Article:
Friend sharing with your partner is not the route to relationship happiness, reveals study
Though being treated like you are one of the gang by your partner’s friends may seem like a recipe for success, actually getting on ‘too’ well with your other half’s buddies may spell trouble in paradise.
According to research conducted by Cornell University, older men who socialise with their partners are more likely to suffer from erectile dysfunction.
A romantic partner becoming too involved with a man and his friends is known in the scientific world as ‘partner betweeness’, a phenomenon which was experienced by 25 per cent of the men surveyed for the study in question.
Head researchers Benjamin Cornwell and Edward Laumann have said that this state actually undermines the male feelings of autonomy and privacy that are essential and central to feelings of masculinity.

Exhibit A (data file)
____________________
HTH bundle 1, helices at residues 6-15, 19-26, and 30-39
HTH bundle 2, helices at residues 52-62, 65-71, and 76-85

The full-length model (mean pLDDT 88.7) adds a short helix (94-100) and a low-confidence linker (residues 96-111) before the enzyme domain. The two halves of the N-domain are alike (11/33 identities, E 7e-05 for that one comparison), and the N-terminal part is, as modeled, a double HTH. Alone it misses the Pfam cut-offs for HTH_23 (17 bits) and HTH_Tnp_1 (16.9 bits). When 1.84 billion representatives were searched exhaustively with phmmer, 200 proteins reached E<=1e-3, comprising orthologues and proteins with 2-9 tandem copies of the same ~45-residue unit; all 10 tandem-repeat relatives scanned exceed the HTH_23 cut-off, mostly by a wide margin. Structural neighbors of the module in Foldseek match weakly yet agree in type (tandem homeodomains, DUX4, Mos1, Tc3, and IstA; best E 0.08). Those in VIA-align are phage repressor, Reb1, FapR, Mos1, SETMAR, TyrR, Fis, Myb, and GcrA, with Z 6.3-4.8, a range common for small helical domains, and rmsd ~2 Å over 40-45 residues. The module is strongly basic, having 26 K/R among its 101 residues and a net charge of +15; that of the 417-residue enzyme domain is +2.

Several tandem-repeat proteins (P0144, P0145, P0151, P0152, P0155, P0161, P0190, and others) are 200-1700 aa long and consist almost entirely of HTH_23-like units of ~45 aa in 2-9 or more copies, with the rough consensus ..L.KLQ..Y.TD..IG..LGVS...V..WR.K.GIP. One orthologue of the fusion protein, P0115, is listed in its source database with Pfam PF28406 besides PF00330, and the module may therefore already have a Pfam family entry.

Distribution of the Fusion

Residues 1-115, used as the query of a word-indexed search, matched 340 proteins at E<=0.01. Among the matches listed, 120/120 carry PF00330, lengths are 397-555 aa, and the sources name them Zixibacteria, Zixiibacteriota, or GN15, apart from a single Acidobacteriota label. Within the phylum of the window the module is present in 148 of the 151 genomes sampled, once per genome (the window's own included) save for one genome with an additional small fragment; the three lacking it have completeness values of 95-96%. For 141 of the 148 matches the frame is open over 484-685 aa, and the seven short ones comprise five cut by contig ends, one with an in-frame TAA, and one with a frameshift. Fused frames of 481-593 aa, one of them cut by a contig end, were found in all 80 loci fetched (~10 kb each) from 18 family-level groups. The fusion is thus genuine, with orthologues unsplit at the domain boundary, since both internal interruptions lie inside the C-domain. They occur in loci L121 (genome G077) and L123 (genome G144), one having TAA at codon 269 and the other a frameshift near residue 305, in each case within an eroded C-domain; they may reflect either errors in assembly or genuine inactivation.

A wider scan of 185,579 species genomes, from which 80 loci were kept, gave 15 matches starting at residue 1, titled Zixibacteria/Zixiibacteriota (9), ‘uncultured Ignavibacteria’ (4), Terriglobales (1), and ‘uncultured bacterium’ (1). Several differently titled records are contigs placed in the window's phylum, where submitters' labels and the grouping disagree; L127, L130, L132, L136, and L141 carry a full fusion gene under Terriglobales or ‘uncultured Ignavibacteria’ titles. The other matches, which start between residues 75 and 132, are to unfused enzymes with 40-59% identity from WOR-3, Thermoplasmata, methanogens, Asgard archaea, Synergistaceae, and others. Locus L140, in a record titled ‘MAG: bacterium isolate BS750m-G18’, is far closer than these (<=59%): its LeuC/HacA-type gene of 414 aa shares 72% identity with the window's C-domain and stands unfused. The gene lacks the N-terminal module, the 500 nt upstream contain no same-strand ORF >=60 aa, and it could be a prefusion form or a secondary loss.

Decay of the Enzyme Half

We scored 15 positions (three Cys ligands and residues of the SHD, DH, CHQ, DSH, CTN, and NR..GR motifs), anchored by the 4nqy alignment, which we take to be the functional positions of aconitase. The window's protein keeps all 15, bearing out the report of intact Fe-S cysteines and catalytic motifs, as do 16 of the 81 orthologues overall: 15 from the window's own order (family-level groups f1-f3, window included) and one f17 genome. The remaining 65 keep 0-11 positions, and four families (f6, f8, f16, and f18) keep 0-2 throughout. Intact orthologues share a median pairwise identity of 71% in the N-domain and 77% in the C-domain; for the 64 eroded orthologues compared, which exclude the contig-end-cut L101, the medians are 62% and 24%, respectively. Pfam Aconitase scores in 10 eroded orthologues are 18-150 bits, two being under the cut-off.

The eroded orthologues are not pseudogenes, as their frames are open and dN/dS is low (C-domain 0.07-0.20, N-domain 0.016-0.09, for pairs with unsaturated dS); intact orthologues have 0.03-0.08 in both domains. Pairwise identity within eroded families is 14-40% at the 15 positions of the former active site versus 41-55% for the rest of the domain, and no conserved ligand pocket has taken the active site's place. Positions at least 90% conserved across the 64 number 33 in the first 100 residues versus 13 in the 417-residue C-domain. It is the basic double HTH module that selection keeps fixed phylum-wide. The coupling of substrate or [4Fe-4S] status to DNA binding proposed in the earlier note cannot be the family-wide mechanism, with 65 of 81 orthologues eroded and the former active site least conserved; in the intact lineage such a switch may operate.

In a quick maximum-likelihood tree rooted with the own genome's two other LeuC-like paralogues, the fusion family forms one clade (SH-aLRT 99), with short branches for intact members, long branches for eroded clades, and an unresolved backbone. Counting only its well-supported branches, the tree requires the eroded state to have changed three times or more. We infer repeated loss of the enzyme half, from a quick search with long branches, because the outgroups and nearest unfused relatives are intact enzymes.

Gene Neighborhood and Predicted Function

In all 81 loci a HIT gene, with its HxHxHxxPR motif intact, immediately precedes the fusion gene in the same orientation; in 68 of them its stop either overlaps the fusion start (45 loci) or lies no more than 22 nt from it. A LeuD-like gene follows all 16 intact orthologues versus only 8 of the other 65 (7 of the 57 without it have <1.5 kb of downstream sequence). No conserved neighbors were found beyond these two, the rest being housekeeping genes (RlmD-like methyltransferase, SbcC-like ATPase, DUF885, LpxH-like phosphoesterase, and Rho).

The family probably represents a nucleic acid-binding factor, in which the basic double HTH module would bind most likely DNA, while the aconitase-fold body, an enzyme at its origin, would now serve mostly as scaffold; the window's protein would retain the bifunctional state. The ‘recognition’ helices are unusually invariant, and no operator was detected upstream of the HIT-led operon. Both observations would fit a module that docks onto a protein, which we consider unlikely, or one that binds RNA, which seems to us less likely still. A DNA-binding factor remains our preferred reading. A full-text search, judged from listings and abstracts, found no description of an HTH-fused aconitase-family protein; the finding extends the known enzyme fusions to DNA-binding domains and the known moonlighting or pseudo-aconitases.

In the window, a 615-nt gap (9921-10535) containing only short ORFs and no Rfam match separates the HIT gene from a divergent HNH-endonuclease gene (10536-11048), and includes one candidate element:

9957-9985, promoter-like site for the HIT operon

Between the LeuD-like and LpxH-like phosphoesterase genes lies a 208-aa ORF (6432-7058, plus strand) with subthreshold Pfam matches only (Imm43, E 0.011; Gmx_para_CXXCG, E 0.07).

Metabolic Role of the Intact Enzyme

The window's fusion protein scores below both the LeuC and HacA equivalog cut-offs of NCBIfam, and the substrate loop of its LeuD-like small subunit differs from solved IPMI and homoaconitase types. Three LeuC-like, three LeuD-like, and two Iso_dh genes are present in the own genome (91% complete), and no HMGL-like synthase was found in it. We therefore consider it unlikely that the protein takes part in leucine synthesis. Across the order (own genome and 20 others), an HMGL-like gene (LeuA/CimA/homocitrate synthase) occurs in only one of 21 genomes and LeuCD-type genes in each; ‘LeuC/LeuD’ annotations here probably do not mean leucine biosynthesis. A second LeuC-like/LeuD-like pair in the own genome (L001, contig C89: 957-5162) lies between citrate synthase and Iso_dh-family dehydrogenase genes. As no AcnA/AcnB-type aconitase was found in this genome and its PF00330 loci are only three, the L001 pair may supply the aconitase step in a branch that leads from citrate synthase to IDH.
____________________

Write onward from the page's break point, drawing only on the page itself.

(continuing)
The pair went on to say that men who do not spend enough time in the company of their own friends can begin to feel less attracted to their partners, and that wives should encourage their husbands to spend more time with their friends.
‘The key issue is whether it reduces his contact with his friends while it increases hers – for example she alters his social schedule to the point that his contact with his friends increasingly occurs in the context of couple’s dinners.” Said Cornwall.
Laumen added: ‘He needs to have someone to talk to about the things that matter to him – whether its football, politics, what car he is going to buy or worries about his health or his job.’
If you are experiencing problems in your relationship then yourself and your partner may benefit from relationship coaching. Please visit our fact-sheet to find out more, or alternatively use the search tool located on the homepage to locate a qualified professional in your local area.
View and comment on the original Daily Mail article.
Find a life coach offering Relationship Coaching
All therapists are verified professionals.